Friday, November 5, 2010

Need help with a 19th Century London Address......

I have a question about a 19th century London address - maybe someone can help me with it. 

This is a CDV of a woman, probably from the 1890s, taken by a W. Wright.  His business address is listed as "83 Bishopsgate ST. Without, E.C.   It may be hard to see, but it's down in the lower right corner.

We've done some research and found out quite a bit about the photographer.  We've also come across addresses listed as Bishopsgate Within, EC. 

We're not 100% positive what the Within, Without & EC mean.

This is what we think - if someone could either verify this or set us straight we'd appreciate it. 

We think "EC" refers to East Central London- kind of like an early postal code.  We also think the "Within" and "Without" refers to the street's location in respect to the 1 square mile (give or take) City of London - part of the street is within that area, and part of it isn't.  I believe the good ol' Romans walled that area off centuries ago. 

Are we on the right track or anywhere close? Sometimes finding out something simple like this is like pulling teeth. I'm sure it's extremely well known to anyone familiar with the area, but to us sitting here in Valdese, NC, it can be confusing. If anyone could help us with this we'd appreciate it.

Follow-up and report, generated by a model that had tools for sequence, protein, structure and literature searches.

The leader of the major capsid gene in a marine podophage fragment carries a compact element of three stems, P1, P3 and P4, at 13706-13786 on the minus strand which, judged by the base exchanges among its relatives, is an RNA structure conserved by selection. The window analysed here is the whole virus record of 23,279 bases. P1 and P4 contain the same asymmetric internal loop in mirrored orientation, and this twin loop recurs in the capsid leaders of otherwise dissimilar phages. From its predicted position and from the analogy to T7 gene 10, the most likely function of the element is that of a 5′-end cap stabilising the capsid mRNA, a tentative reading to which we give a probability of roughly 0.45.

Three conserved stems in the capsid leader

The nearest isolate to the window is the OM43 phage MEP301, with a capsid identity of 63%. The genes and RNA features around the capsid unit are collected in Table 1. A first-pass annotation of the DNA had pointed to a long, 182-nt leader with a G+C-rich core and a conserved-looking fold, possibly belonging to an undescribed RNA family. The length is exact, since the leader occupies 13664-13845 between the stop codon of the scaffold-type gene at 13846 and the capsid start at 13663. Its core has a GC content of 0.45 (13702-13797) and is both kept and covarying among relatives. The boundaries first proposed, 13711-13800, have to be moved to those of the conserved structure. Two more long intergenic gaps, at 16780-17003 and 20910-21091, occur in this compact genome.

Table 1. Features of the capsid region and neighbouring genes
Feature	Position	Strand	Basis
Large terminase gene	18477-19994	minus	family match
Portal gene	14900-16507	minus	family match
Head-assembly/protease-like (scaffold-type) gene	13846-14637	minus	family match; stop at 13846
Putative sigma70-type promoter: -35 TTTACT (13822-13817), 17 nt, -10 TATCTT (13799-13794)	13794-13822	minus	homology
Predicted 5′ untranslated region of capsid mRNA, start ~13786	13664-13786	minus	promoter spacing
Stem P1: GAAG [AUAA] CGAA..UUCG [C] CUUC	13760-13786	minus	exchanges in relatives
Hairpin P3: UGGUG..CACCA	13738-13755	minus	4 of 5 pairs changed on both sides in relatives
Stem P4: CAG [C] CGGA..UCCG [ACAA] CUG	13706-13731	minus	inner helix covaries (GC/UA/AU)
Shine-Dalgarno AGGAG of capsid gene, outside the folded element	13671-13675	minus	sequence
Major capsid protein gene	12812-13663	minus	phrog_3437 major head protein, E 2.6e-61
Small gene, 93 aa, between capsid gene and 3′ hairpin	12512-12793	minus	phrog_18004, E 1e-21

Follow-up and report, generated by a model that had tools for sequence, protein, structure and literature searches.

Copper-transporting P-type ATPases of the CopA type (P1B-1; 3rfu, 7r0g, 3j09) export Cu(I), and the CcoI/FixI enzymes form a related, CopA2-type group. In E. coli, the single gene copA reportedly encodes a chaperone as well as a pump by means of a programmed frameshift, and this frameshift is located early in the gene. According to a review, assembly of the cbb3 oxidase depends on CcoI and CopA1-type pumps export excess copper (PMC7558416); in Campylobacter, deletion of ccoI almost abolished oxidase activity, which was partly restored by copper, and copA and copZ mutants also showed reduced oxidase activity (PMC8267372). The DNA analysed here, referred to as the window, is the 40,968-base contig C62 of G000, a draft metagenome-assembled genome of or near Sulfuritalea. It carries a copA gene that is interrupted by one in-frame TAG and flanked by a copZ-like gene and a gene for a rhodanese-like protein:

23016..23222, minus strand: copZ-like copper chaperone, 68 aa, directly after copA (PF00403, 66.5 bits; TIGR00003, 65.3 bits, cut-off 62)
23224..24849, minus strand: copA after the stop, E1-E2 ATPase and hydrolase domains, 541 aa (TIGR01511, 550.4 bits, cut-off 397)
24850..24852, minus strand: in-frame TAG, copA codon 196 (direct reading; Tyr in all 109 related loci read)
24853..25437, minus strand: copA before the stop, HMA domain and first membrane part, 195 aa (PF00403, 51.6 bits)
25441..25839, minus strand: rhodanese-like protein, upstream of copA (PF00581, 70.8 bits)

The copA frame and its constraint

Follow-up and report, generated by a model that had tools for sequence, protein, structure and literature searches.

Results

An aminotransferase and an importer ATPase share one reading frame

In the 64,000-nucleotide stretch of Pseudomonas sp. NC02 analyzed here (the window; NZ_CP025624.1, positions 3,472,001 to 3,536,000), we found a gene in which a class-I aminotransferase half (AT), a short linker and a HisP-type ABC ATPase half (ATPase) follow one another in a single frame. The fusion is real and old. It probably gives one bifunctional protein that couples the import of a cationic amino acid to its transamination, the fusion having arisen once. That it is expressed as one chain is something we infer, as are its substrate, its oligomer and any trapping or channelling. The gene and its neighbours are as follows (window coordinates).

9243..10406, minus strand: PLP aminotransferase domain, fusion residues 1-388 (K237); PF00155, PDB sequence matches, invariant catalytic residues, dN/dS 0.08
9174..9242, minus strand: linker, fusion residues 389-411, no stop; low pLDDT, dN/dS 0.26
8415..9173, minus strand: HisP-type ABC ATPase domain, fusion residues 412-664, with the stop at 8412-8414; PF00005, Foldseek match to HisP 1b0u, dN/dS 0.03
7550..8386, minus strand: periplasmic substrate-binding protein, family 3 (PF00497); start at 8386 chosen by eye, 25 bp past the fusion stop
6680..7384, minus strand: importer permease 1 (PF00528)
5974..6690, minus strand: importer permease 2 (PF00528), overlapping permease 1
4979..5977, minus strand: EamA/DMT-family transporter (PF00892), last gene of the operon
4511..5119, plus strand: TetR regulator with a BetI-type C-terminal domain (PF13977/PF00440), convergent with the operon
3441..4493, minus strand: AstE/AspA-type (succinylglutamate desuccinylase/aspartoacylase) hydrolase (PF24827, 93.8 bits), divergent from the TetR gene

Oh, and this CDV is for sale if you're interested - just click on the title to go to the listing

4 comments:

Grace said...

Have some fun with London Postcodes

A Valdese Blogger said...

Hi Grace! Yep looks like the "EC's" are in the City of London area.

Bianca Castafiore? said...

my eyes are a mess... could you describe the emblem between the photog's name and the address?

it sounds like you pegged the address issues!

A Valdese Blogger said...

Bianca: It's not your eyes, it's hard to make out even with a magnifying glass. But I think there are 2 dragons on either side of shield with a cross on it, so I assume it's St. George related. There are at least two words underneath, which I believe are in Latin. I think one is Domini, but I could be completely mistaken about it. I cannot read the others - it's in good condition, but the printing is very small.